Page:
Will not distinguish between the possible causes for decreased P50 value, which include 2,3-DPG deficiency; high-oxygen-affinity Hb variants; methemoglobinemia; carboxyhemoglobinemia

Decreased P50 values in chronic smokers (carboxyhemoglobinemia) should be interpreted with caution; Hb has higher affinity for carbonmonoxy than for oxygen

P50 values should be correlated with age; HbF may produce a decreased P50 level

Hereditary Persistence of Fetal Hemoglobin (HPFH) 8 Mutations 2005408
Method: Polymerase Chain Reaction/Electrophoresis

Limitations 

Only the 8 targeted deletions associated with HPFH will be detected

Point variants or rare deletions that cause HPFH or δ/β thalassemia will not be identified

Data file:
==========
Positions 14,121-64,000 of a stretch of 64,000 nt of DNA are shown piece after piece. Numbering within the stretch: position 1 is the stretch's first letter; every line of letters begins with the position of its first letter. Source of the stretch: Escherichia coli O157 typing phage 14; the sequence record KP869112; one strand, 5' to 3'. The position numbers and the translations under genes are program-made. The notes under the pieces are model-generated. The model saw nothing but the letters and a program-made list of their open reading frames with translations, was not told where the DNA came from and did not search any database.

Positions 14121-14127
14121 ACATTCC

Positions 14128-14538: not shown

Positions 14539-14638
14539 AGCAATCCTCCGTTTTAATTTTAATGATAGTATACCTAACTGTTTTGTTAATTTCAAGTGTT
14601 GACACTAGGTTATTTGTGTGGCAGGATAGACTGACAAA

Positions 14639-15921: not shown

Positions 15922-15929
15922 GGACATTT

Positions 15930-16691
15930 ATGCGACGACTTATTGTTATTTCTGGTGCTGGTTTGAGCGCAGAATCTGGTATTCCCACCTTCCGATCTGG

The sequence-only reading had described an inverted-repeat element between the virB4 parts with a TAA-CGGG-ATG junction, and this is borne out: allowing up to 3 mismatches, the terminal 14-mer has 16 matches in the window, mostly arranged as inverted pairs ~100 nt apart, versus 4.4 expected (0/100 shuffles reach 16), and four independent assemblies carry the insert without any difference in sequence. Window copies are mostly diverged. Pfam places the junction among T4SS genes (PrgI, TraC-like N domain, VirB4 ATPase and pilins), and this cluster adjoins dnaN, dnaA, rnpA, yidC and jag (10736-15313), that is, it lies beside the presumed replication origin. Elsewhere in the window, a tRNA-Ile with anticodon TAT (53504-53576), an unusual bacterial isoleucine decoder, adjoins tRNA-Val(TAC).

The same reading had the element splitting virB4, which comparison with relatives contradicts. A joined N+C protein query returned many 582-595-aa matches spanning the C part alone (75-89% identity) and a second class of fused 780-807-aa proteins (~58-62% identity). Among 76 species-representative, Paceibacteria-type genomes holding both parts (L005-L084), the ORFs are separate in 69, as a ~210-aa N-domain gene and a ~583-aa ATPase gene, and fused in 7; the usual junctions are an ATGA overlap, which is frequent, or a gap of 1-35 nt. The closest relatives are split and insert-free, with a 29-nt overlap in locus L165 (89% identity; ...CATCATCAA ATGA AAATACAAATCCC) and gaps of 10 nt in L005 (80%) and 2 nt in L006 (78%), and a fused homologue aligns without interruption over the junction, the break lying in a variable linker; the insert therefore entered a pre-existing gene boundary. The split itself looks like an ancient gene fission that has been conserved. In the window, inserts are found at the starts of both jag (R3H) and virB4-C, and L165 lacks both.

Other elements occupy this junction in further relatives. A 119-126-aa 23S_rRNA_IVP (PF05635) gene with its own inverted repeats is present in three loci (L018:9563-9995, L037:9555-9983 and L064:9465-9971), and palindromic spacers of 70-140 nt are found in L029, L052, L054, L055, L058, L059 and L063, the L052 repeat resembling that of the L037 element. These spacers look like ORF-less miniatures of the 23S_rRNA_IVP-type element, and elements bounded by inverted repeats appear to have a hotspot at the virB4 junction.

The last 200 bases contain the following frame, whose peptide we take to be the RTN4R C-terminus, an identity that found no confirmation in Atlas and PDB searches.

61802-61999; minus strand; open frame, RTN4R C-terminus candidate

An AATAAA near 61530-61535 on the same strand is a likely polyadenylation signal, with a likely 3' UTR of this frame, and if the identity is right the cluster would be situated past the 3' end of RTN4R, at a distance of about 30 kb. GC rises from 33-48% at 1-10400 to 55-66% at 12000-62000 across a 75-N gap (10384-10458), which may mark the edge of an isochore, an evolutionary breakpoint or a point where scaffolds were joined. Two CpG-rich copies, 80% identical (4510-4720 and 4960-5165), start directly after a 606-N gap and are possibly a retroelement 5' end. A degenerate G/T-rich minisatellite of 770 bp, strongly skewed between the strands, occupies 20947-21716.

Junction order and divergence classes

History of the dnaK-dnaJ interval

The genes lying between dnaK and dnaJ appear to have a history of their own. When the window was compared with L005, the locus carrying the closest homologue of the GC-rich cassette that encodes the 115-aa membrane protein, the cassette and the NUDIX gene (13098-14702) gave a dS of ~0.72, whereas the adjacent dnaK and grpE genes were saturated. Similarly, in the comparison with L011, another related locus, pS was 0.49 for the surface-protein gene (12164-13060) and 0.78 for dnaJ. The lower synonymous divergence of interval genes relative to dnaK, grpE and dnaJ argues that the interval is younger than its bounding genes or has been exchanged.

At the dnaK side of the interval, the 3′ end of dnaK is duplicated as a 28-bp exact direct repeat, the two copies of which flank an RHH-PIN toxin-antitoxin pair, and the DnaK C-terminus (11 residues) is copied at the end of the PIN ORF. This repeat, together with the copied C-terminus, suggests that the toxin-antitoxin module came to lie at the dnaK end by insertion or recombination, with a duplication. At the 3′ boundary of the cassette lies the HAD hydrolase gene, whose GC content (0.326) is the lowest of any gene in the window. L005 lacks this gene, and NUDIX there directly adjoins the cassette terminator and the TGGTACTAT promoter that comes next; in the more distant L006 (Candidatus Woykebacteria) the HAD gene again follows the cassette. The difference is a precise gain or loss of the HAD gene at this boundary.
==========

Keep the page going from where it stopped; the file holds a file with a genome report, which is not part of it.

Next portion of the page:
Other genetic modifiers of HbF levels will not be assessed

This test is unable to differentiate homozygosity for an HPFH deletion from compound heterozygosity for an HPFH deletion and a rare globin cluster deletion

Diagnostic errors can occur due to rare sequence variations

Hemoglobin Lepore (HBD/HBB Fusion) 3 Mutations 2004686
Method: Qualitative Polymerase Chain Reaction/Qualitative Electrophoresis

Limitations 

Diagnostic errors may occur due to rare sequence variation

Negative result does not exclude β thalassemia, as other β-globin gene variants are not identified by this assay

von Hippel-Lindau (VHL) Sequencing 2002970
Method: Polymerase Chain Reaction/Sequencing

Limitations 

Mosaicism, deep intronic variants, and regulatory region variants are not detected

Rare diagnostic errors may occur due to primer- or probe-site variants

Guidelines

Stephens AD, Angastiniotis M, Baysal E, Chan V, Davis B, Fucharoen S, Giordano PC, Hoyer JD, Mosca A, Wild B, International Council for the Standardisation of Haematology (ICSH). ICSH recommendations for the measurement of haemoglobin F. Int J Lab Hematol. 2012; 34(1): 14-20. PubMed